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In honor of breast feeding month, and the fact that I've exclusively breast fed my little one for a whole two months (HOORAAY!). In honor of that little feat, I've decided to write a post all about it, the good, the bad, and the ugly. No one can prepare you for breastfeeding, you can take lactation classes and fake nurse a cheetah all you want (yes I did). But no one can prepare you for how amazingly hard and wonderful breastfeeding is, all at the same time.

I decided to breast feed my little lady ever since I got pregnant. It wasn't really a discussion or something I had to think about. Maybe in my younger years I thought of not nursing for the exclusive selfish fact that I liked my boobs right where they were, pointing North (grimace). I've learned though after pregnancy, if you breastfeed or not, your body changes, breasts included, I'm over it. Nothing a good support bra can't handle.

Anywhoo, Breastfeeding chetahs...hmm where was I? Oh right! How no one can prepare you for the most wonderful bond a mother and child can share. You don't know how much I look forward to our little moments together, her looking up at me smiling, as if to say "thank you mama." It wasn't always this way, the first few weeks were HARD, let me tell you, I'm talking holy FIRE boobs hard! There were moments where she'd cry, then I'd cry because I knew what was coming, pain. There have been times where I just wished my husband had boobs, so he could feed her. Whoever said breastfeeding doesn't hurt if you're doing it right was lying. I'm sorry, but it hurts in the beginning.

Our breast feeding journey started as soon as she was born. It was the most amazing moment of my life. Realizing that this little being who I had carried and sustained inside me for ten months, I would now sustain with my body for at least six more months, was such an awesome thought! She latched perfectly, in fact a little to well. For such a little being her mouth was like a tiny vacuum, still is. The lactation consultant was impressed at what a strong latch she had. By the time we left the hospital I had two lovely blisters on my right breast from one bad latch. It went away of course, but man! Knowing that you have to place a bleeding scabbed nipple back in the mouth of a little vacuum every two hours is a daunting thought, but I did it.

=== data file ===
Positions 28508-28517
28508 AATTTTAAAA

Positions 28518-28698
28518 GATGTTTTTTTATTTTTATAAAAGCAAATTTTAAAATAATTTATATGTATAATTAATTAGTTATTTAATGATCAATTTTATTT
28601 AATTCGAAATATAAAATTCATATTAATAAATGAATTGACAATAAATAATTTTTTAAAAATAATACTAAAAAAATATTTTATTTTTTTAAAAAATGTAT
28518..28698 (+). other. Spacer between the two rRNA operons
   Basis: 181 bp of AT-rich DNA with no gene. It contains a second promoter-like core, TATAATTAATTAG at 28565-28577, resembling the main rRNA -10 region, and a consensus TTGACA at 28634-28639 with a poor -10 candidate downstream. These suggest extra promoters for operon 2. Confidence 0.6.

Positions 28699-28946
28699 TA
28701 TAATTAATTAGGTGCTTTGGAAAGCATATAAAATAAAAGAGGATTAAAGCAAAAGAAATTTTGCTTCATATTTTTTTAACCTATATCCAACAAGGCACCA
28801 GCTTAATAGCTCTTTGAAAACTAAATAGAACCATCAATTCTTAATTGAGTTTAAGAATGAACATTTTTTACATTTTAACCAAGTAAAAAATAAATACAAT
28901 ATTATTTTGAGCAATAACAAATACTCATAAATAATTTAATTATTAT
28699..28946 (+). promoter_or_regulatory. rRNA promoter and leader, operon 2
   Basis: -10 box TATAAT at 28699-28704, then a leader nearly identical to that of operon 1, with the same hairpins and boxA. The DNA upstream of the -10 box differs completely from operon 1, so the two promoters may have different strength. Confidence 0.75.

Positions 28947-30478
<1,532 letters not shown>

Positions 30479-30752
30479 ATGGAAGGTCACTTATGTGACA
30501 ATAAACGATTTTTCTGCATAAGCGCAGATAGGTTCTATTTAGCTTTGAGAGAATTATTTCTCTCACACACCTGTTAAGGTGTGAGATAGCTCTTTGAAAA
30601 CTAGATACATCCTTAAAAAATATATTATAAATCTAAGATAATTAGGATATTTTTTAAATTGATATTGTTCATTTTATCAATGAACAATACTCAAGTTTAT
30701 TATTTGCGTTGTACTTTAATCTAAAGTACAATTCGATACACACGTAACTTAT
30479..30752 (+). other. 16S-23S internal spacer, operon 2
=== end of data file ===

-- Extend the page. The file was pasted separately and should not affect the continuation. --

Now that the little lady and I are mobile, I realized that nursing in public was inevitable. For me it seemed normal, babies hungry, I feed her, and try not to flash the entire public. It wasn't until the recent Instagram debacle that I realized some people have a negative outlook on public breastfeeding, or breastfeeding in general for that matter. Which I find a bit crazy...I'm only doing what my body was meant to do. And if that happens to be in the middle of grocery shopping, or at target, or out to dinner, then so be it. If it makes you uncomfortable, it's probably because you've been staring for too long.

We have our moments now and then when all she want to do is nurse all day, Milk on Demand I call it. But here we are, two months in, and going strong. My advice to you new mamas out there is this. The first few weeks are the hardest. And then all of a sudden BAM! You find a groove and everythings gravy. Well maybe not gravy, I sometimes feel like all I do is nurse and try and brush my teeth before 4pm. It's so worth every pain, and every hour spent looking down at that precious face, knowing that I'm giving the absolute best to my little bear. That's motivation enough for me to keep going. Only time will tell how long our breastfeeding journey will last. I'm planning on sticking with it up until 14 months if I'm able.

I hope speaking out continually on my breastfeeding journey will give strength and courage to other mamas to do so as well. The hardest part of breastfeeding is having no support. As women and mothers we should be doing all we can to support one another, and our little babes.

So heres to "normalizing" breastfeeding!

Peace & Love,


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Bit's of the Week (8 weeks)



By Krystal Donovan on 2013-08-17


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